Help others: We sometimes forget just how easy it can be to help others. It can be just saying thank you to the local shop keeper when they provide a service, dropping into a sick friend with a bowl of soup or just holding the door for a stranger. It can be a sense of wellbeing and you are helping someone at the same time. We have a tendency to minimise the affect helping other has on us but it is very much a win/win experience because we are giving back to our own mental health. Even helping another student who needs to re sit the exam is helping others and they just might have something that will help you out with the re sit.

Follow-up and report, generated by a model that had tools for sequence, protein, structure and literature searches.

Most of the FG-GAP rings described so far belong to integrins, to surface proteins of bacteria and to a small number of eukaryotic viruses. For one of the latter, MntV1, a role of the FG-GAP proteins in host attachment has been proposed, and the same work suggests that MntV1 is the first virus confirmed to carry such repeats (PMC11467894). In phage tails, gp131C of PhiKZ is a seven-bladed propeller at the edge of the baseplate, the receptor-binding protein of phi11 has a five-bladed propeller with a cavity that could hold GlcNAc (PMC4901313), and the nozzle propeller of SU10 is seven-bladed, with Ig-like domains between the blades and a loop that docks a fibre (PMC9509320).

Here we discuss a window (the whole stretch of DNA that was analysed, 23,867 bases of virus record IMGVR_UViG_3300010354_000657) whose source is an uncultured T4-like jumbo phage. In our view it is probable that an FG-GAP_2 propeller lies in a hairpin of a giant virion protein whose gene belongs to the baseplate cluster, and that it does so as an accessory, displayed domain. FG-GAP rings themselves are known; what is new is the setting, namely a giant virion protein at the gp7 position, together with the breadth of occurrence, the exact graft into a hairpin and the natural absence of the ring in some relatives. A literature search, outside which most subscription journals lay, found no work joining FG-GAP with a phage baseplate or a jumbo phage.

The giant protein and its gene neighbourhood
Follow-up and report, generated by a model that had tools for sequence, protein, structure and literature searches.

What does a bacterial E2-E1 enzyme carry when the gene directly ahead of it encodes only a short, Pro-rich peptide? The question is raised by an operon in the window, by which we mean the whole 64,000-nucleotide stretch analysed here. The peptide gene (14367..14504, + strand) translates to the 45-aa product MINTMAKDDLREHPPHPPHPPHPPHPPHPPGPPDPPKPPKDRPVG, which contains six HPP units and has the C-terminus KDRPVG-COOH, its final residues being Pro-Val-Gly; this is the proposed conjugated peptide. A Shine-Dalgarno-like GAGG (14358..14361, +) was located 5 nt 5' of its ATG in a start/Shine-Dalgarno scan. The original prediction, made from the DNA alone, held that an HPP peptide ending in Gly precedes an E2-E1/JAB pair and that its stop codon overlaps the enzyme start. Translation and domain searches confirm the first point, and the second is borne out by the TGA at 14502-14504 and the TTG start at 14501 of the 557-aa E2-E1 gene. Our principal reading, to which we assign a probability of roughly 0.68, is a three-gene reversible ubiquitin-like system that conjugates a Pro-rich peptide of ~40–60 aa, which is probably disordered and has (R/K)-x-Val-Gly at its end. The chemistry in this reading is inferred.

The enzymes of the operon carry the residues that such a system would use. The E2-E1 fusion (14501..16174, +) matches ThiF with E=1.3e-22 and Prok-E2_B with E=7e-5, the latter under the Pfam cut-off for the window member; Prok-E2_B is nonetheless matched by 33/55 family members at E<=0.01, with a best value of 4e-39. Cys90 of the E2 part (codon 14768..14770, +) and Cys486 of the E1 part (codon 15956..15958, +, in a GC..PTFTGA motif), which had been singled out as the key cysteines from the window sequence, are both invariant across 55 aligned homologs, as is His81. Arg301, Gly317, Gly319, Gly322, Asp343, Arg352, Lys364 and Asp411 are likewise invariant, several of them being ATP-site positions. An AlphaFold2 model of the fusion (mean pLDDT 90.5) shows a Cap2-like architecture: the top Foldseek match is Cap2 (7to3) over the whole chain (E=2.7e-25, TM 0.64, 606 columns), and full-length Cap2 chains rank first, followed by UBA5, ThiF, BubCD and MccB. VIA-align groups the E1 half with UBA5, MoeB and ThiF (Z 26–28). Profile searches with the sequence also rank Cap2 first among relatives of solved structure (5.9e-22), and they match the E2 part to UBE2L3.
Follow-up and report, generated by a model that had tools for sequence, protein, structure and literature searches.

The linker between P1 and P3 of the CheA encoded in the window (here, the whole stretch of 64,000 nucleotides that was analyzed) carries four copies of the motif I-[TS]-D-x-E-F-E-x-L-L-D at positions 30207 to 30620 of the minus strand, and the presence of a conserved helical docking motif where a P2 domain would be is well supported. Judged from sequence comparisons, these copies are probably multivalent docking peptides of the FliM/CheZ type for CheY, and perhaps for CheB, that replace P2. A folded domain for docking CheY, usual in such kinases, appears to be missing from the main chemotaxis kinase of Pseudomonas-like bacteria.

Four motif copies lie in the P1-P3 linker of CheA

Taking notice: We sometime just need to take stock in ourselves. We often neglect what we have to be happy about. This can be especially true when we are studying for a re sit. This one event can crush us, but when the dust settles, and we can look at the big picture we can see there are many aspects to our lives; we are not one dimensional being and there is more to us then the exam we just failed. When we pass the re sit, it will soon be forgotten, and we can accept the next challenge. We have our loved ones, our family and everything that makes us, us. When we say we are more than the sum of our parts, it is true.
Now, it is time to write up your action plan for this re sit. It isn’t the end of the world and I know you will come out brilliantly at the other end.